What is Wrong with the RSV Catholic Version


#1

Still on a Bible hunt, I think I might have finally zeroed in on the RSV Catholic Version
(Ignatius Bible), but before I get it, I need to know what’s wrong with it.

Don’t tell me what you love about the RSV Catholic Version.

Don’t tell me why the Douay-Rheims is better.

Just tell me what is wrong (even a *little *wrong) with the particular translation that I’m thinking about getting.


#2

Personally, I don’t think anything is “wrong” with it. But I would make sure to get the 2nd edition.


#3

There is nothing “wrong” with the RSV.

In 1966 it became the first Protestant Bible to receive an imprimatur by ecclesiastical authority. While no alterations were made to the Old Testament, several were felt required for a few renderings of the New Testament (and informative notations added throughout) before it was deemed suitable for Catholic use (Catholic books were also added).

Even though there has been a major revision to the text as the NRSV and the ESV, most scholars, Protestant and Catholic, acknowledge the RSV for its accuracy and scholarship. It was the first English version to introduce scholarship based on what had been learned from the discovery of the Dead Sea Scrolls. It is a great choice for any Christian of any denomination, and the original Catholic edition has been in use up to the date of this writing by the Holy See when interpreting Bible readings into English during radio and television broadcasts from Masses held at the Vatican.

There are several things to note:

  1. The RSV uses archaic pronouns, such as “thou, thee, thine,” etc. in addressing God.

  2. Even more has been learned from the Dead Sea Scrolls that has added much to accuracy in renditions (and even clarified and added missing parts to texts such as in 1 Samuel and Tobit). You won’t find that in the RSV.

  3. Some Catholic language, such as “amen, amen” and “magi” are rendered along the lines of “most truly I tell you” and “wise men,” etc.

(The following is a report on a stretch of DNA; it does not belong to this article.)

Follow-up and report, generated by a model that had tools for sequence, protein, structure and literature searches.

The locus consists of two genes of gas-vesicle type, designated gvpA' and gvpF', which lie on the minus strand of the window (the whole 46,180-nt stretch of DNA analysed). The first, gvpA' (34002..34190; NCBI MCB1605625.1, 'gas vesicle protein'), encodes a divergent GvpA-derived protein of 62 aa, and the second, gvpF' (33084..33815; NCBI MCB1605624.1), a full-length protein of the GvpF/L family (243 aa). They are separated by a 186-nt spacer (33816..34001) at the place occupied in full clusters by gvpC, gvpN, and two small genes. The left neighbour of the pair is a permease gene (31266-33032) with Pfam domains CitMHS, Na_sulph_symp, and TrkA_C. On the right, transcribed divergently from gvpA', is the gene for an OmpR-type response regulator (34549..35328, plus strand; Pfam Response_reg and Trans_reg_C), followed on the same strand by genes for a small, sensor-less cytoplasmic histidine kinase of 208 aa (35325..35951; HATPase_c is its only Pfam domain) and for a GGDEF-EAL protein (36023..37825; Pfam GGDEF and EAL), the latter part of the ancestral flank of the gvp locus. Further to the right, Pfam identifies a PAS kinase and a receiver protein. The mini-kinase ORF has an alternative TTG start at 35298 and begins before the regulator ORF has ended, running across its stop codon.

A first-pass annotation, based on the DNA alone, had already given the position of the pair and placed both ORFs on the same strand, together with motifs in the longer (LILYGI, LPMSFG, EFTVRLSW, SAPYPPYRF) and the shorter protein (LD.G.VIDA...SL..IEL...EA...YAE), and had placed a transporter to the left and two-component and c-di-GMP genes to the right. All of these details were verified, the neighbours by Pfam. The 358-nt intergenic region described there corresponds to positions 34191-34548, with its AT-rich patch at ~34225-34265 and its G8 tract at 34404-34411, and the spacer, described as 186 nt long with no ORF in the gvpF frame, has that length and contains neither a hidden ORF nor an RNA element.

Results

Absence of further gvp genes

The RSV was originally hated and even burned by conservative Christians due to the fact that Isaiah 7:14 used the expression “young woman” instead of “virgin.” It also renders a few prophecies (such as Genesis 22:18 and Psalm 16:10) with language that some allege obscures their Messianic typology. It was due to these matters that conservative Christians developed other versions, most notably the NIV and the ASV in response.

The RSV-CE 2nd edition might be a better choice if you prefer the archaic pronouns to be dropped. And while you won’t find unique Catholic expressions like “amen, amen I tell you,” changes have been in the text to make it comply with what one hears in the Liturgy, both in Old and New Testament readings.


#4

Why the 2nd edition?


#5

eh :shrug:…my to-be-priest little brother recommended that I use the one he uses:
ignatius.com/IProducts/23883/ignatius-bible-compact.aspx


#6

It has “young woman” instead of “virgin” in Isaiah 7: 14.

It has “presence” rather than “person” in 2 Cor.

Both of these make it iffy to the more orthodox of us. But in my opinion, it’s a good translation - the best of the ones we’ve borrowed from Protestants. :thumbsup:


#7

The RSV-2CE (Ignatius Bible) makes the change to ‘virgin’ instead of ‘young woman’ in Isaiah 7:14.


#8

The 2nd addition removed a lot of the archaic language (thees and thous). If you like the ‘thees and thous’ then I would stick with the RSV-CE, but if you don’t then I would go with the RSV-2CE!


#9

My opinion is that the Psalms in the RSV-CE don’t read as well as some other versions. This is an entirely subjective statement. I am biased in favor of the Psalms as they read in the Liturgy of the Hours after having prayed it for a few years. It is what I am used to and to me the Psalms in the RSV-CE don’t flow as well.

To the OP, I wonder if time would not have been better spent actually reading an imperfect Bible rather than wrangling over finding the perfect one.

-Tim-


#10